Once I got a $30,000 raise. It was the worst job I ever had.
In order to get a raise, I had to leave a good job. (More thoughts on that later.) As a single provider, the overnight increase put me in a state of near ecstasy. It was The Motivating Factor to leave that good job – and of course, I thought I was going to a great opportunity.
For the professional standpoint, I successfully delivered a multi-million dollar agile program that had C-suite visibility. We delivered on time and under budget; I had alignment with the executive sponsor, clearly identified outcomes, and a team of top performers. It was a huge win for the organization.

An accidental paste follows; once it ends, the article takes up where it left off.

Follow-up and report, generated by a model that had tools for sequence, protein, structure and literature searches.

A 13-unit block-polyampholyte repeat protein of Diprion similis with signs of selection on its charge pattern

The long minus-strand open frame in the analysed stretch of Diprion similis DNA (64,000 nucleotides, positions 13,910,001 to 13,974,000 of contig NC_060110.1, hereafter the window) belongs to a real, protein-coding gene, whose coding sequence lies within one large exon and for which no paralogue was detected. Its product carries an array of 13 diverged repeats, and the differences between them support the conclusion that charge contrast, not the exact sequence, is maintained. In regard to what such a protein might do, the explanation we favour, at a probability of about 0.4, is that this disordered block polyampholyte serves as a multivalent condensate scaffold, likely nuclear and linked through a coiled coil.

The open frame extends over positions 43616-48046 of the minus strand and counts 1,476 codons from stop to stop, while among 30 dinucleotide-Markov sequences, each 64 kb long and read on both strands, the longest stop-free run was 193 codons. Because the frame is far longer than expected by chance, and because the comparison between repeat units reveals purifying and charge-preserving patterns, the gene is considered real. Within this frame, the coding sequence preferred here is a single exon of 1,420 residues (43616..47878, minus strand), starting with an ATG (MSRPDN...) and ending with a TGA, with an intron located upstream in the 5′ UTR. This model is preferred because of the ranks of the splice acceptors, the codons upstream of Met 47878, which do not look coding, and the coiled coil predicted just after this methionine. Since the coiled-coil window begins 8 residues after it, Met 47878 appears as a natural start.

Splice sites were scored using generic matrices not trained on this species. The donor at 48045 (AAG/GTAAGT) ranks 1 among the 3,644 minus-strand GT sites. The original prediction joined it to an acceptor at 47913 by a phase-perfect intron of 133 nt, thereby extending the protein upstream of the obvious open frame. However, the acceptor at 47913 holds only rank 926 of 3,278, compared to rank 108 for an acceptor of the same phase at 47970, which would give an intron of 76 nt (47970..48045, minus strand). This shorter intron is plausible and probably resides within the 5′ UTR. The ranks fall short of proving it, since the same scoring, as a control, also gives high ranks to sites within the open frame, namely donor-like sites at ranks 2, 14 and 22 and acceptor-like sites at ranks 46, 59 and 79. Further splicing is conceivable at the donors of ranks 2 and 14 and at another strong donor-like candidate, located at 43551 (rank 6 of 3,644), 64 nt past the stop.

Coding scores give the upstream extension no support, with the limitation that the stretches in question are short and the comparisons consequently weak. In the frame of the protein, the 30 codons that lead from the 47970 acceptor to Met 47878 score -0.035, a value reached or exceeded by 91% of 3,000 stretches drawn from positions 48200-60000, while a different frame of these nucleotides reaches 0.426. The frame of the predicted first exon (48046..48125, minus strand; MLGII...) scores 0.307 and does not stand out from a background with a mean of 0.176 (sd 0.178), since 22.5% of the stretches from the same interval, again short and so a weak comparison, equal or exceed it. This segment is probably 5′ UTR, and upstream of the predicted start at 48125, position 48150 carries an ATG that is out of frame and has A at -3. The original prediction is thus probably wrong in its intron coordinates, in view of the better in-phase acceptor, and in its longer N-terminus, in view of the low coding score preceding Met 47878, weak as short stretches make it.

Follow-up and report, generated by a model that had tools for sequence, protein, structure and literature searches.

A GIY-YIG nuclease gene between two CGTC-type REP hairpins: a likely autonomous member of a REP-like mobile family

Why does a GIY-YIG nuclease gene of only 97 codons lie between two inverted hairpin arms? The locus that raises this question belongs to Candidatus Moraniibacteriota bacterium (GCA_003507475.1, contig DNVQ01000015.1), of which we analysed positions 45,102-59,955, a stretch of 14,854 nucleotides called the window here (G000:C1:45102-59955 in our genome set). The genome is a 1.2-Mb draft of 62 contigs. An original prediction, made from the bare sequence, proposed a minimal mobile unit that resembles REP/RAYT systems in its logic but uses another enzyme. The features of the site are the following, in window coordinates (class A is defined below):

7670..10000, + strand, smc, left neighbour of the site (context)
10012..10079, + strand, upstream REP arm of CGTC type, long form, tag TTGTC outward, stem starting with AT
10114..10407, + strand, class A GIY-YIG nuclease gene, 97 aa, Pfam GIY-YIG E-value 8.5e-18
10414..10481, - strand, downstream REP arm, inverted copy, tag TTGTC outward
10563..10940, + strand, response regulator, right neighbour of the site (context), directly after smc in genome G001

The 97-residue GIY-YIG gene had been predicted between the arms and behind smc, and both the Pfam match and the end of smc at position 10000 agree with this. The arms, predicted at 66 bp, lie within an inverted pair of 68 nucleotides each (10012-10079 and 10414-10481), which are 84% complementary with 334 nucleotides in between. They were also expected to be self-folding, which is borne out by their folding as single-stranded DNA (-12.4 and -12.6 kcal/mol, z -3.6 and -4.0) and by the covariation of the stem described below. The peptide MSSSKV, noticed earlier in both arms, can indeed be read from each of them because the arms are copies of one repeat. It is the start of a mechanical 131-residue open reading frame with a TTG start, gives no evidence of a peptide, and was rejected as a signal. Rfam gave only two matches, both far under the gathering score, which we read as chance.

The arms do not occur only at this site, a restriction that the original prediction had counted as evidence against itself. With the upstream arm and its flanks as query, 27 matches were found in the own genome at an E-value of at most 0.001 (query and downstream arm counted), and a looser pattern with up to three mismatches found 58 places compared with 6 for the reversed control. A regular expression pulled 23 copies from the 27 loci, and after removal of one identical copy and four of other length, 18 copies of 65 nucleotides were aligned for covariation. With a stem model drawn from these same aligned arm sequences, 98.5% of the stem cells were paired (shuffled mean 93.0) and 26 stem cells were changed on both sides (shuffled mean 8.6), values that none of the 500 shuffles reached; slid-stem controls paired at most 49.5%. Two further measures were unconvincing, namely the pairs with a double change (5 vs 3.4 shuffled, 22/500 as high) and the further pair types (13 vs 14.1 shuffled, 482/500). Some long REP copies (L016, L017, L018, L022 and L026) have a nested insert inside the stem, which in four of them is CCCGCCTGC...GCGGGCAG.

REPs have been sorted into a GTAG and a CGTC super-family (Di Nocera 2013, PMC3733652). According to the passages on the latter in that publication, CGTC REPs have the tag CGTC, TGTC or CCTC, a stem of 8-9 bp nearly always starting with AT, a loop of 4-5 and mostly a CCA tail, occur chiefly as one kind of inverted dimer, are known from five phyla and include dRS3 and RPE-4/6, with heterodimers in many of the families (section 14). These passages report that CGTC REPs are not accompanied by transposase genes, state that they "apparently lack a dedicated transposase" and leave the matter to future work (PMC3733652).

But the relationship I had with my manager was incredibly rocky. There was a chasm between him and I that we would never close. It was if we didn’t speak the same language, and certainly, we didn’t act as if we were on the same team. He would question my wording, he would second-guess my decisions; he would challenge me in front of my team on a daily basis. I would get defensive; I shut down; once, on the verge of crying, I left a meeting.
I felt I was at a professional all-time low. It seeped into my personal life, and people closest to me started to comment on the negative changes in me they observed.
I found myself debating every day if I needed to stay in order to learn a lesson, or if I needed to leave in order to survive.